TP: Well I must give credit to the past first. I had 18 great years with MasterCraft and they made me what I am today and deserve a lot of credit first. Malibu decided to make a change in the area and I decided to go drive their new 23 foot boat at Lake Tahoe to see if they were telling me a fib or not about how well it drove. My cheeks about fell off when I turned the boat and fell in love with the line and the people around it. They have supported me from day one and now we are in our 9th year with Malibu and it is an incredible partnership. They are so progressive and build the best wakes and handling you can imagine. Stoked to be part of their team!!!
A: What are your thoughts on the rise of cable wakeboarding?
TP: I am so excited about cable and especially the two tower rigs that are springing up. Cable lets people with much less income participate in wakeboarding. We put an ERC two tower system up at my lake and it rocks. Not one problem with the cable but that says a lot about my team of helpers especially Scott Palmer who is a red neck genius when it comes to doing anything that requires brains and a strong back. I have seen so many skiers come over to the cable that would only look away when the lake was used for wakeboarding. The cable can be run all day for $1.00 a day and people that are 5 years old and people that are 65 years old can do Raley’s on the corners. The two tower systems changes the whole game and now we will see a lot of skaters coming into the sport. We need new faces and new ideas in wakeboarding and cable has us all dreaming up new ideas that can and will be put to the test in 2012. I love our system and it is the gathering place every day before the sun sets and many times after dark.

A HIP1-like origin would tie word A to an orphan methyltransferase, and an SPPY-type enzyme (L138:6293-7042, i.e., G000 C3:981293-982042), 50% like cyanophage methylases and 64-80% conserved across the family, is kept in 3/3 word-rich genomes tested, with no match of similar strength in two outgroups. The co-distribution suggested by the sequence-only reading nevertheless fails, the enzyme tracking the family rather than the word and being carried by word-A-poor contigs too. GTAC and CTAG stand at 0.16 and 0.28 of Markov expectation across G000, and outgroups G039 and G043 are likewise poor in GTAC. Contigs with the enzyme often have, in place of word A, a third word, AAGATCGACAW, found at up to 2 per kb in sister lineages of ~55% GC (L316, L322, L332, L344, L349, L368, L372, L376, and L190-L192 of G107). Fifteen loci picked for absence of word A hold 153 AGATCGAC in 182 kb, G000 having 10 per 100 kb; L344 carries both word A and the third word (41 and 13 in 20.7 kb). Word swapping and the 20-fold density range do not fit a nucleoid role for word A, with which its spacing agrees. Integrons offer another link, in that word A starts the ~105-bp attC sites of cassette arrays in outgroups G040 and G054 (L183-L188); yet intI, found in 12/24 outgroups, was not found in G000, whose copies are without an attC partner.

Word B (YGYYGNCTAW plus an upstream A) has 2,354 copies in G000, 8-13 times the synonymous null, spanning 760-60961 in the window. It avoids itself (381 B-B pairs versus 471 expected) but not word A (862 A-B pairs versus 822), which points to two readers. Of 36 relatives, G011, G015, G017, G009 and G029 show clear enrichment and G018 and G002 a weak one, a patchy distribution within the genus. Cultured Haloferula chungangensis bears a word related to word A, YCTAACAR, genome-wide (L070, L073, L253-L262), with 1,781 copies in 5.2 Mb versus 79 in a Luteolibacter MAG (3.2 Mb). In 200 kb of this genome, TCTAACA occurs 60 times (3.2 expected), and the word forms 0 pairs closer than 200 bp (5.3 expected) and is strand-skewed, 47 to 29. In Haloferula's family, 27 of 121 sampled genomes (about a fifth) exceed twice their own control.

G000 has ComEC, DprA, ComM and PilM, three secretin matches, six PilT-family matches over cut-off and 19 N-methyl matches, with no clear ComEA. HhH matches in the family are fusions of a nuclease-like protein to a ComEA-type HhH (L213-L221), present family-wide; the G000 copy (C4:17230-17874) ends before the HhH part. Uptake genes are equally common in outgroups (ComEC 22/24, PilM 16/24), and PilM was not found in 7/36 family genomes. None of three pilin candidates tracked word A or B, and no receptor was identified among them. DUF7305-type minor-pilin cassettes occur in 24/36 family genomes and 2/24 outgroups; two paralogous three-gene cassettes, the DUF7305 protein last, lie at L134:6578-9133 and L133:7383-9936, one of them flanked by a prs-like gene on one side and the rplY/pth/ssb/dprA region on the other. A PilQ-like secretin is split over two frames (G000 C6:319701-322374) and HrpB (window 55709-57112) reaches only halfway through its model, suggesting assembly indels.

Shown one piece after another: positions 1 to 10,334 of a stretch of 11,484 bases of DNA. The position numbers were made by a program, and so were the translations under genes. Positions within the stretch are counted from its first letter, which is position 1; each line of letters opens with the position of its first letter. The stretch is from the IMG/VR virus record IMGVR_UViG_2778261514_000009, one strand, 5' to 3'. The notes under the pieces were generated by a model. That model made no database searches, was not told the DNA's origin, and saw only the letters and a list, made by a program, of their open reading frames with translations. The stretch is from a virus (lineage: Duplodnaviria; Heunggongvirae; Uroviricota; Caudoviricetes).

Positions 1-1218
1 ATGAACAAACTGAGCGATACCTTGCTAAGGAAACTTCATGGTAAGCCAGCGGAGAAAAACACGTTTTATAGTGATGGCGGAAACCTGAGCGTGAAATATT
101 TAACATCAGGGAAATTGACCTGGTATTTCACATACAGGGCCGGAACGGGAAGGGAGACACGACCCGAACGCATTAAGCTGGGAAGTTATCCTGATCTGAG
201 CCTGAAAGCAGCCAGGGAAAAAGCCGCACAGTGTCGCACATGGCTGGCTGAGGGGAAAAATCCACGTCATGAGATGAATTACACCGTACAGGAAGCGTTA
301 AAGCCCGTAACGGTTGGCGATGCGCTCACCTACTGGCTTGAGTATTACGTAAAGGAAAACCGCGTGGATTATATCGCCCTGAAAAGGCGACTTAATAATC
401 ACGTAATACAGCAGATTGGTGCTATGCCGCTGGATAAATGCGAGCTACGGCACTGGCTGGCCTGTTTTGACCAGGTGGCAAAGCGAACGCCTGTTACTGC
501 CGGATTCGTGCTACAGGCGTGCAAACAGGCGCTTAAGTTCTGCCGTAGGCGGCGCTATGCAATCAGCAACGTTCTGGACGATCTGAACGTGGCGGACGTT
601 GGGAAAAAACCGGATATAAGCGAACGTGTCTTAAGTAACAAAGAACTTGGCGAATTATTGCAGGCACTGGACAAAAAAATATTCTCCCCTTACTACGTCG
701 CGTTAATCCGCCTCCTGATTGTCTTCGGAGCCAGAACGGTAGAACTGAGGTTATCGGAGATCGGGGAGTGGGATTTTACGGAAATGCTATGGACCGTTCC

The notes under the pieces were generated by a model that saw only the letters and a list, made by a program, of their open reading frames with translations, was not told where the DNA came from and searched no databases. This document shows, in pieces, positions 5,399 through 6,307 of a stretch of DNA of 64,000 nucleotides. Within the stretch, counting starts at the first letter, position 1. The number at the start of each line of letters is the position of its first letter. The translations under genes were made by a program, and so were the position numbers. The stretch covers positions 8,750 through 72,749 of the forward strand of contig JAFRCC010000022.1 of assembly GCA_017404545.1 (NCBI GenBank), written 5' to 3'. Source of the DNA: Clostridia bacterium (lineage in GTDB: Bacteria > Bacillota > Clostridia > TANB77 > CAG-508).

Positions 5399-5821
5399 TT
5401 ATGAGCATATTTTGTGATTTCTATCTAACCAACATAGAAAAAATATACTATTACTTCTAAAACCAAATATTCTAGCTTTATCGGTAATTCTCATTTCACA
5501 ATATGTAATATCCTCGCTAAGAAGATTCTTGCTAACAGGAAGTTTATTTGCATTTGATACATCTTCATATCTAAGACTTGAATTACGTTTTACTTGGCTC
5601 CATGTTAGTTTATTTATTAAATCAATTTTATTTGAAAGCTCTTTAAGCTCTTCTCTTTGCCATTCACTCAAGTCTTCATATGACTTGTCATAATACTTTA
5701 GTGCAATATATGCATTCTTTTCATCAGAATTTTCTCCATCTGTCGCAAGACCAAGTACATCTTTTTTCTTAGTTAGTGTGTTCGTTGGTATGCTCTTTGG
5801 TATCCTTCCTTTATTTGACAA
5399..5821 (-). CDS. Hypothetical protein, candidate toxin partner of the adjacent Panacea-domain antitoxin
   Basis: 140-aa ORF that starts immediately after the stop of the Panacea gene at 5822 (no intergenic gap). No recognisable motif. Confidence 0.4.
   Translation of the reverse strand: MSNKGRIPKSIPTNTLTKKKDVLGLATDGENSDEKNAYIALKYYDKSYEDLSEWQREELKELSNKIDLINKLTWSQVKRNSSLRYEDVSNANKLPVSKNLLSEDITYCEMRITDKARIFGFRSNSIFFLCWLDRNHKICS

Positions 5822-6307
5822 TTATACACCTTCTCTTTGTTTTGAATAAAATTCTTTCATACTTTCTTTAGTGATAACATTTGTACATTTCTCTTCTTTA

A: What is your favorite way to tap the Rockies?
TP: My favorite day in the Rockies would be to get up early at my lake and pull out the fly rod before first light. Land a few bass just as the light peaks over the hill, drink my last cup of coffee and get on the stand up paddleboard. Cruise around until someone else gets up and then catch a few boat sets either as driver, observer or boarder. Then hang with my family till about 2pm. Catch a few z’s in the cold air and get up and go get another set in. After the boat is put up, have dinner with the family and get out the fly rod just as dark settles in. Fish a while and then build the campfire. Sit around with my wife and daughter and dream of the next day. After they hit the hay, I pull out one of my guitars and play to midnight or slightly later. Then it is time to thank God before I hit the hay and dream of doing it all over again the next day. I have been so lucky and so blessed to be part of wakeboarding and hope I can continue to contribute to the future with contest and pushing the sport to the next level! Thanks for the chance to speak! Much respect and love to you guys at Alliance!!!!
Tommy’s Slalom Shop Inc.
3740 North Sheridan Blvd.
Denver, Co 80212